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Cross Sectional Survey of Pregnant Adolescent Malnutrition in Rural Malawi

Cross Sectional Survey of Pregnant Adolescent Malnutrition in Rural Malawi

Christine Patella

Nutritional Sciences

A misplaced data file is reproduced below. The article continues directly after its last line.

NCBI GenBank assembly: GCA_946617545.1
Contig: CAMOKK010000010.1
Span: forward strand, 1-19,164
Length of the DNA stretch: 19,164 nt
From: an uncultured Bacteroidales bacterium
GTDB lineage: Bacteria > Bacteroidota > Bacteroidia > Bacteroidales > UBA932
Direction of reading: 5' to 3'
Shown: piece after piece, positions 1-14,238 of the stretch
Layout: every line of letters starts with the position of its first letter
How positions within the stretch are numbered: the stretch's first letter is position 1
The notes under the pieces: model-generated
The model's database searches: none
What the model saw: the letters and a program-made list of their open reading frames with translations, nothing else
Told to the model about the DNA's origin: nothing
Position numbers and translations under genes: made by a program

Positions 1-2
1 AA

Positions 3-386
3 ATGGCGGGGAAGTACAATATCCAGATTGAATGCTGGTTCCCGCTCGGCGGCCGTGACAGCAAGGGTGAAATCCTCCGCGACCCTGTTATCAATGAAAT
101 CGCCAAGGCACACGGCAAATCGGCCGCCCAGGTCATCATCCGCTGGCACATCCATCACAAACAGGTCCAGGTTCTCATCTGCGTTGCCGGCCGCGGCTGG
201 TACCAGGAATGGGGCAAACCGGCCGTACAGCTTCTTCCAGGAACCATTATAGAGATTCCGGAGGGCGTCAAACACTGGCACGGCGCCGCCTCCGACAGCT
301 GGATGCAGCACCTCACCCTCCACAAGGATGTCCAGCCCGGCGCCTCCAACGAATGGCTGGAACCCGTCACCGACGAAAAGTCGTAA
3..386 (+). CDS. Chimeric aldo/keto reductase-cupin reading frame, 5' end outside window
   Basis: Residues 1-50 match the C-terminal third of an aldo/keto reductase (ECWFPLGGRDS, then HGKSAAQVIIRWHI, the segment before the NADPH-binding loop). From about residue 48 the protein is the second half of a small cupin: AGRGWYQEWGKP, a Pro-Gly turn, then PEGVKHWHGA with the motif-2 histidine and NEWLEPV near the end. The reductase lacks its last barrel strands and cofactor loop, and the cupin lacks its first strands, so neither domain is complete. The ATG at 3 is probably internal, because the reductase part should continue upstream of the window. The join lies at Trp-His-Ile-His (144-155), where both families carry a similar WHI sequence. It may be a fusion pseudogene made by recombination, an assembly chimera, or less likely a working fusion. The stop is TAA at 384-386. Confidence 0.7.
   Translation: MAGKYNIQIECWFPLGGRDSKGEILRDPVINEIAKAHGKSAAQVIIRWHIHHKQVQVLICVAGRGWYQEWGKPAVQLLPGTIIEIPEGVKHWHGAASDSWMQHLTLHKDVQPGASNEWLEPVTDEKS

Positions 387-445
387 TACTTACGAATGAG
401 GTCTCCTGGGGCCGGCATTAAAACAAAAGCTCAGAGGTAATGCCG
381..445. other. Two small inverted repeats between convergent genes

The high rates of adolescent pregnancies in Malawi challenge the health and nutritional status for both the mother and infant. If an adolescent is unable to meet her own nutritional needs and becomes malnourished, this may lead to a continued cycle of complications. Research involving the nutritional status of pregnant adolescents in Malawi is lacking. The purpose of this study was to assess diet diversity and nutritional status in pregnant adolescents in rural Malawi. The study included sixty-two pregnant adolescents. The mean age of the subjects was 17.7 years (SD 1.2). Of the sixty-two subjects, 84% were married, 98% were not enrolled in school, and 92% were not working outside of the home. For 89% of the subjects, this was their first pregnancy. Data were collected using a pre-tested questionnaire and a standardized dietary diversity survey. Mid-upper arm circumference (MUAC), height, weight, and hemoglobin (Hgb) were measured. The mean (SD) MUAC was 25.9 (2.0) cm. The mean Hgb was 10.4 (1.9) g/dL and 66% had a Hgb lower than 11 g/dL. In this season of relatively available fruits and vegetables, the mean diet diversity score was 3.8 (3.2). Dietary intake results included 98% eating starchy staples, 62% eating dark leafy green vegetables, 56% eating Vitamin A rich fruits and vegetables, 89% eating other fruits and vegetables, 39% eating meat or fish, 31% eating legumes, nuts, or seeds, 6% eating eggs, and 0% eating milk or milk products. Of the sixty-two subjects, 63% were not taking any vitamin/mineral supplements while 37% were taking ferrous sulfate. 35% restricted some foods during pregnancy, 52% received no advice regarding foods to eat during pregnancy, and 92% received no advice regarding infant and young child feeding (IYCF) practices. Interventions for pregnant adolescents should include nutrition education on dietary diversity, healthy nutrition during pregnancy, and IYCF guidelines.